Victor Wiebe

The Argus C3

This Argus C3 is a new addition to my growing fleet of older film cameras. The Argus camera itself was produced in Michigan in the 1930’s to 1960’s and sold over 2 million units (according to the Source of All Knowledge, Wikipedia). It uses 35mm film and as, perhaps, can be seen by all the knobs, is a very manual camera.

One of the things I do like about this camera, in fact, are all the knobs; it gives the camera a very steampunk look.

The Argus C3

I do not have the instruction manual that came with the camera, though I did discover it on the internet. Unfortunately, I discovered it after I started using it, so it was almost a little too late, though I do have some hints for how I might use it in the future.

What I have discovered, both through using the camera and (finally) reading the manual, is that it is full of interesting features. We photographers are spoiled today with automatic this and no-need-to-think-about that; this camera, like most cameras of the time, made you work for your photos, but this one did so with style.

First up, there are what appear to be two viewfinders in the middle of the camera. In fact, one is a viewfinder and is used to frame the photo. The window to the right (from the photographers perspective behind the camera) is the rangefinder which, itself, is split into a split-image. When focusing, the two images will begin to align where the photographer desires the focal point to be.

Advancing the film was a little tricky at first; after taking the photo, there is a knob at the top of the camera which needs to be pushed to the left before the film can be advanced; after it is pressed the wind knob must be turned until it will turn no more, at which point the photographer knows that the film has advanced far enough for the next photo. This same contraption also advances the the counter to let the photographer know how many photos have been taken.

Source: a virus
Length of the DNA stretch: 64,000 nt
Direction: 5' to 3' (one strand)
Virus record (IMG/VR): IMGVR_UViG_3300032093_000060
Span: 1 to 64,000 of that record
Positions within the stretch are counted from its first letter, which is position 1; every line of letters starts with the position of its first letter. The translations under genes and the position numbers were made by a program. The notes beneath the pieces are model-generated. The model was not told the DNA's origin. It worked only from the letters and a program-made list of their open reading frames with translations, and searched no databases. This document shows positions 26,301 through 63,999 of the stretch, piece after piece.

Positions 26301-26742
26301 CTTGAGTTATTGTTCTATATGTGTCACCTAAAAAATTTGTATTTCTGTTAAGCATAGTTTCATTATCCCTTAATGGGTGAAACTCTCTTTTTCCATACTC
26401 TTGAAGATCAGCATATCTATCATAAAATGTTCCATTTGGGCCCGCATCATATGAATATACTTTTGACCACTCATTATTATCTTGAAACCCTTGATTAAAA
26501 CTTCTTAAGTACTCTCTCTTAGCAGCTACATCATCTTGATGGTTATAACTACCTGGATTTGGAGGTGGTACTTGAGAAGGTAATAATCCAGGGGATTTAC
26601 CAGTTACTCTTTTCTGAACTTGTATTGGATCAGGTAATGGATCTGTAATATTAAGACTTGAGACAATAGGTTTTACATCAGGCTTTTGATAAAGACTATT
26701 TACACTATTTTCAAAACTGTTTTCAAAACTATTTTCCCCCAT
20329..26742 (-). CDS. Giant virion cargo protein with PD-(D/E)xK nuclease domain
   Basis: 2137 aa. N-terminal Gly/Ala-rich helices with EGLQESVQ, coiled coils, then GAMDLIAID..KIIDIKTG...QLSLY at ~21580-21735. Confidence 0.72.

Focus can be achieved by one of two methods: the first is perhaps the ‘standard’ method of turning the focal ring on the lens. The second is to turn the rangefinger dial on the top left of the camera (from the front). These two – the dial and the lens – are connected via a gear between them so either can be used and both will be updated simultaneously. Really, everything about this camera is a wonderful feat of engineering.

The rangefinger focal dial also has printed on it the focal distance, from 3 feet to infinity.

On the opposite side of the camera is yet another dial to control shutter speed, ranging from 1/10 to 1/300.

The shutter itself must first be cocked by depressing the tear drop looking knob on the front of the camera. The shutter release itself is placed for easy access to the right index feature. The camera’s shutter will not open unless it has first been cocked.

This camera is a rectangular piece of incredible engineering which feels really good in your hands; it has the nickname “the brick”, and it is well deserved. If ever there was a camera that felt like a camera, this is it. It’s heavy and feels good, and all the knobs and dials and Things just work; it is truly an amazing contraption.

The day after getting the camera I put some black and white film in it and took it out on a photoshoot. In hindsight I should have read the manual first, but I didn’t.

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